And I’ll be in Scotland a’fore ye,
But me and my true love will never meet again,
On the bonnie, bonnie banks o’ Loch Lomond.
We used to sing this song when I was in school (in Junior High, I think). I don’t recall anyone ever explaining what it meant. The teacher probably did, and I just wasn’t listening. A Scottish preacher gave the following explanation in a sermon I heard. He made a point about the death of a Christian. I now understand there are various versions of the “true meaning” of the song, but this explanation is by a Scotsman and a preacher, so I’m taking this story and sticking to it!
The song is about two Scottish prisoners held in an English jail and the song is penned the night before one is to be hanged and the other is to be released, and the one who is to be hanged will reach Scotland by the low road of death before the one who is to be released will reach Scotland by means of the high road journey. The one who is about to be released feels bad for the one who is about to be hanged. The one who is about to be hanged says, “Don’t feel bad for me,” because “you’ll take the high road and I’ll take the low road and I’ll be in Scotland before you!”Loch Lomond by Peter Hollens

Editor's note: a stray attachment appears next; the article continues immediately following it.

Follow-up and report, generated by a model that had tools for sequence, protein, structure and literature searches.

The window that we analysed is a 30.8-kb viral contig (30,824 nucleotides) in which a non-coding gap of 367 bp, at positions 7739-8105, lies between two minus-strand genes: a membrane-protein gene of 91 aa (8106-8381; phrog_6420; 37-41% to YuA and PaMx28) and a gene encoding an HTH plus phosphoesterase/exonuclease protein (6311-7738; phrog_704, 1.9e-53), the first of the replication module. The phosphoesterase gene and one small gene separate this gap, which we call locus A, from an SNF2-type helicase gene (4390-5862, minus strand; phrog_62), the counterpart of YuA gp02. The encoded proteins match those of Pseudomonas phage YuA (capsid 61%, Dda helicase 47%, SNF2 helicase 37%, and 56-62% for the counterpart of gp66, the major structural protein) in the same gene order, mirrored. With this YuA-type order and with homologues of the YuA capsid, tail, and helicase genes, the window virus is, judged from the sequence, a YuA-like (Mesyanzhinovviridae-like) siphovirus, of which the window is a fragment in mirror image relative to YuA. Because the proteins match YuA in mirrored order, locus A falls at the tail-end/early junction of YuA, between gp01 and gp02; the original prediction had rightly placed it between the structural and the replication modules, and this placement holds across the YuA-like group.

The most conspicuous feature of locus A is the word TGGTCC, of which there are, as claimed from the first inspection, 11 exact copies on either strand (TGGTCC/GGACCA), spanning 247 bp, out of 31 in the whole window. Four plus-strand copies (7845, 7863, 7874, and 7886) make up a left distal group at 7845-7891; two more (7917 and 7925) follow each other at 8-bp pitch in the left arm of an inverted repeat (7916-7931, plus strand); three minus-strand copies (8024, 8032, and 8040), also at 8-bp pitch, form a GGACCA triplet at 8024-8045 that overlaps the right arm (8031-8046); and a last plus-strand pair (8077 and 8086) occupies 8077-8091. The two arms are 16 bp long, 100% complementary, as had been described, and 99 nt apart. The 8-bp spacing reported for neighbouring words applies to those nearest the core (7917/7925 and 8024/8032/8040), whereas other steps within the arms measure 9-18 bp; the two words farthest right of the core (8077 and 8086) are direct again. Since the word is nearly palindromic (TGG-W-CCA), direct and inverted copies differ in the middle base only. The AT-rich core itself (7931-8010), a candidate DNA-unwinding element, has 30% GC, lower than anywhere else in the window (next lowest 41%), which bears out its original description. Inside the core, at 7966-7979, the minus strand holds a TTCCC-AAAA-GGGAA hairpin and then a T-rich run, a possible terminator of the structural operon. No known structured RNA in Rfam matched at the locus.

Loch Lomond by Peter Hollens and David Archuleta